On the lookout, at the gate.

Hanging onto the Gate!

Trin trrrinnn! It was the familiar ring of a bicycle bell and tyres rolling over a dusty path, rocks tumbling under those furiously pedaling feet.

The days of living in remote cantonment areas, where the only communication happened through this hero in uniform. I’d be running on the hot tarmac, ou-ouing my way like walking on burning coal, but cool with anticipation of a teen awaiting news from old friends. I was hanging over the gate like greedy monkey waiting for bananas before ‘bhaiya’* could reach there and deliver the mail hand to hand.

Thrill of thrills! Guesses, who is it from? Some friends wrote like clock work, others didnt. But oh! Nothing could be taken for granted. This was the only entertainment in this old British town, too small for a good movie theater, big enough for a single University, sprawled all over a hill.

“Thank you, Bhaiyaa!” I rang out as he turned, trin trrrinnning away to the next home, delivery cheer from strangers to near and dears. My day made, I’d hop, skip, jump back into the cool interiors of our home, converted six horse stables, each room with individual doors leading in from the long corridor.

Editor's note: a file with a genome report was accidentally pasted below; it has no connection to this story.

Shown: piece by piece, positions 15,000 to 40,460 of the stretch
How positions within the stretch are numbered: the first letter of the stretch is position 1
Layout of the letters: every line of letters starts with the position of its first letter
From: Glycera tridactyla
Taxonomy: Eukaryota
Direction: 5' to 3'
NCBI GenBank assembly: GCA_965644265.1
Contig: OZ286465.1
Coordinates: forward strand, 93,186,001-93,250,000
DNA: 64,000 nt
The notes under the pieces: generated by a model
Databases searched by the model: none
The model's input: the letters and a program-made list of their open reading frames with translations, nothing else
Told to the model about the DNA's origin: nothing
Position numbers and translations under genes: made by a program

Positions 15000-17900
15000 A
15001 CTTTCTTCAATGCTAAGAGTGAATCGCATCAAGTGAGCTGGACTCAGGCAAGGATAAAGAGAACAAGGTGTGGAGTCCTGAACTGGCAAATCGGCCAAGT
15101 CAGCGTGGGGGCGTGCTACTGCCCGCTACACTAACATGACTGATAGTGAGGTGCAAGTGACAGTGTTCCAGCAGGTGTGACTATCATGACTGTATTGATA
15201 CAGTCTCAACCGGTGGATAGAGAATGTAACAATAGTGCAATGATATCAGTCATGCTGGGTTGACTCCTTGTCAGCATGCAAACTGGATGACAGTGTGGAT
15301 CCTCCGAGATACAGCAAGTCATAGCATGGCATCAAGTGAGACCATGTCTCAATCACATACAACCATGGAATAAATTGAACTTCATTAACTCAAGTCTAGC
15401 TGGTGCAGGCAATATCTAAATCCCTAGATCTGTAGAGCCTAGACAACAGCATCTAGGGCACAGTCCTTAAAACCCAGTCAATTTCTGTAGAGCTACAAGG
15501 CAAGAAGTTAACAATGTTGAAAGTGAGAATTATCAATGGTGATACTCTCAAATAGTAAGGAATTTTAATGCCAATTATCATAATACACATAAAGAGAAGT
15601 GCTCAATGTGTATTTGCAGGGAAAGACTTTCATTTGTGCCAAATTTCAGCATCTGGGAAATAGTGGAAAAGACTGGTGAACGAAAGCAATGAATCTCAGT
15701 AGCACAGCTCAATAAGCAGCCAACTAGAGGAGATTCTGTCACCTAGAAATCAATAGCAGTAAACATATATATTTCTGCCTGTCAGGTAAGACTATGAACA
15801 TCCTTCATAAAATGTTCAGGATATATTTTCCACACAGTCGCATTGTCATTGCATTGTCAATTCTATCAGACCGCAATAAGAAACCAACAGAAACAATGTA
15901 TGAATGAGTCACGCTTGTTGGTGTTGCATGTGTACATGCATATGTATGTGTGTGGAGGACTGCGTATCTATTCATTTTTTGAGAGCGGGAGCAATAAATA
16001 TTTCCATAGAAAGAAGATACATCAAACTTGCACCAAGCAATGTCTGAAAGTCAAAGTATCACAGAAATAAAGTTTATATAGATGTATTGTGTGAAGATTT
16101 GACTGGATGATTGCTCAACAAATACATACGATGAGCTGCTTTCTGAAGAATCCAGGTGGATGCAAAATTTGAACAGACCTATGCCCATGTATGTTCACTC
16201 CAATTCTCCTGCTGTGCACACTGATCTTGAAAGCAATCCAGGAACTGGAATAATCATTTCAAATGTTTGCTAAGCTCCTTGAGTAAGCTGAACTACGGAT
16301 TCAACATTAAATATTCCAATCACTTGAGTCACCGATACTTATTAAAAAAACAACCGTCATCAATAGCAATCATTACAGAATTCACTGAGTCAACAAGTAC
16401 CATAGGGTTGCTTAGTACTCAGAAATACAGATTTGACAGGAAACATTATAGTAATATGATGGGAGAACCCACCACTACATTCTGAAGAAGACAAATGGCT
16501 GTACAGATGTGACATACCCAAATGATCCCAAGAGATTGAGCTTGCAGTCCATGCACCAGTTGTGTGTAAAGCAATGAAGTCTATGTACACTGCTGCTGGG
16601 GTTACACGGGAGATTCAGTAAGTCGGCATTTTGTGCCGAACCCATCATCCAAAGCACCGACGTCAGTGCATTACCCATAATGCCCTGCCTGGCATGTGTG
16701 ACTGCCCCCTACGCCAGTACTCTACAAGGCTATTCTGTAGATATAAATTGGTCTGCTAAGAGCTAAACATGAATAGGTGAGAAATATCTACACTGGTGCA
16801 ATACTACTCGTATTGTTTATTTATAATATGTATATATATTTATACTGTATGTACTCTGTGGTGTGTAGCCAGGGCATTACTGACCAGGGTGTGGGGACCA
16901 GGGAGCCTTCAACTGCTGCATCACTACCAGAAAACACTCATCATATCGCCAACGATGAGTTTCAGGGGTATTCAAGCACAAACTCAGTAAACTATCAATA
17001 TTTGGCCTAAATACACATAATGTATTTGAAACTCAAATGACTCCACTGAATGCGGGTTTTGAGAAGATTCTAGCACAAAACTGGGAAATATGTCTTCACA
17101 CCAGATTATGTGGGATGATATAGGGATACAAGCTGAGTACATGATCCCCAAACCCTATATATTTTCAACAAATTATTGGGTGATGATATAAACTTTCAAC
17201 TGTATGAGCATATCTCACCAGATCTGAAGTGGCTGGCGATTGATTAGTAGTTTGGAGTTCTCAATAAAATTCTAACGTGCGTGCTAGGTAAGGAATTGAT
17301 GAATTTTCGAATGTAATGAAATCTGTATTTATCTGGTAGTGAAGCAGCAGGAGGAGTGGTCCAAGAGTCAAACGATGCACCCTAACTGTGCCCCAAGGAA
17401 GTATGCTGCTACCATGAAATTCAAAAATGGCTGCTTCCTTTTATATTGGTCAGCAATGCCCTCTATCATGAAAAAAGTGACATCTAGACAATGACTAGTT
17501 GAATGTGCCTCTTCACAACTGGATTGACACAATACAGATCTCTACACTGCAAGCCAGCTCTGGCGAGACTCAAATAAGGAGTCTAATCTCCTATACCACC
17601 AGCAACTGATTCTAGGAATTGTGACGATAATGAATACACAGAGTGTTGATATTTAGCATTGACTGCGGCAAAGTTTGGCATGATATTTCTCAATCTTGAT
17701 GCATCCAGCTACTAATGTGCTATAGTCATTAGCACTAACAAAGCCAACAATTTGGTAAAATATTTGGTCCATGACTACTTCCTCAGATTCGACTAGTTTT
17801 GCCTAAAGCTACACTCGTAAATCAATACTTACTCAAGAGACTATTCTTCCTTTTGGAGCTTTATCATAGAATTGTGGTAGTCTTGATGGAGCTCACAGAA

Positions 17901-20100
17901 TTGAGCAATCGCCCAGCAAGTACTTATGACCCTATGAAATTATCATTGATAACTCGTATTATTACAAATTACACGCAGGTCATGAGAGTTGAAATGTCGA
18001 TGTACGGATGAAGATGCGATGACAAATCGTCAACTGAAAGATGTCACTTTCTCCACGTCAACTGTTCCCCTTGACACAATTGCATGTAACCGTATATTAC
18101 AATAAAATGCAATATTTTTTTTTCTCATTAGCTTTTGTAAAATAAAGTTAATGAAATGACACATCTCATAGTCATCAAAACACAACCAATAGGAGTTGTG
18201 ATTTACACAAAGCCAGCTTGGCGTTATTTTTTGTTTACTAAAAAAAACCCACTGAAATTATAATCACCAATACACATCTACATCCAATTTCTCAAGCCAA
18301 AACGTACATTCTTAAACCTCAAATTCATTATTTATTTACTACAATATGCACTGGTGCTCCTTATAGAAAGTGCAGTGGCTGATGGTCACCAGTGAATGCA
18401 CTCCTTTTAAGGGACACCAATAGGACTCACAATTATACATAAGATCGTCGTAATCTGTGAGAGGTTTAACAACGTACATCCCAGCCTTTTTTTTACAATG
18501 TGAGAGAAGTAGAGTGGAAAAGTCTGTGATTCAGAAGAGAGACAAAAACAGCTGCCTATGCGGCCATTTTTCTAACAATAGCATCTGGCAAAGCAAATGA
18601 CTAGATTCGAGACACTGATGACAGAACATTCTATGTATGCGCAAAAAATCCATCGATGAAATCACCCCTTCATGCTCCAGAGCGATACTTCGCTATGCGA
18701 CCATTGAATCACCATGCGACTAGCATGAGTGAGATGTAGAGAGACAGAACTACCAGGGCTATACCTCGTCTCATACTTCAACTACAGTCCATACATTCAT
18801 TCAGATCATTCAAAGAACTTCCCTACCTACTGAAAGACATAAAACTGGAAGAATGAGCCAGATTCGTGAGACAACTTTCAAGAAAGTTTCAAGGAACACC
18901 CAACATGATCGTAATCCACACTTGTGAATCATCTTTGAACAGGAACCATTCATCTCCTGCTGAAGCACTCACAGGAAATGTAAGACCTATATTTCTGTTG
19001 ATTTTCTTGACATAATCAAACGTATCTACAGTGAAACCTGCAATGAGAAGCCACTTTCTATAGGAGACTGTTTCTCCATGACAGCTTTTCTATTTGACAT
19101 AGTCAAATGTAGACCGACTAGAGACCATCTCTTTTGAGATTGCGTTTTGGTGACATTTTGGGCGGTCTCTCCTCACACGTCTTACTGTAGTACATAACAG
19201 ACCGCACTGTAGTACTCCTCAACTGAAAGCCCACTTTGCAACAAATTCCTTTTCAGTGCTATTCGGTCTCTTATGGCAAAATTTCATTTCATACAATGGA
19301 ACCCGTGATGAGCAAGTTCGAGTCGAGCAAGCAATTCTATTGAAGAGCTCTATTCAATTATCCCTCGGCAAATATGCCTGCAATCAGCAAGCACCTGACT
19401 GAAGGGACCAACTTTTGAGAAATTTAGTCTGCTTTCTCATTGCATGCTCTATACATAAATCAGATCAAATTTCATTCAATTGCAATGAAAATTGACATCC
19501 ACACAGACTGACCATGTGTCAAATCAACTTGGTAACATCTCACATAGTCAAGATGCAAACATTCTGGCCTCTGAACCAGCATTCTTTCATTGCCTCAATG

On my bed, sprawled, opening letters and reading, transported to the writer of my letter, my friend.

Dedicated to all my mail-friends and pen-pals, who made life curiously fun in those quiet places.

*Bhaiya: All known and unknown males were addressed as ‘Brother.’ In those days they even behaved like one, asking about each others’ welfare.


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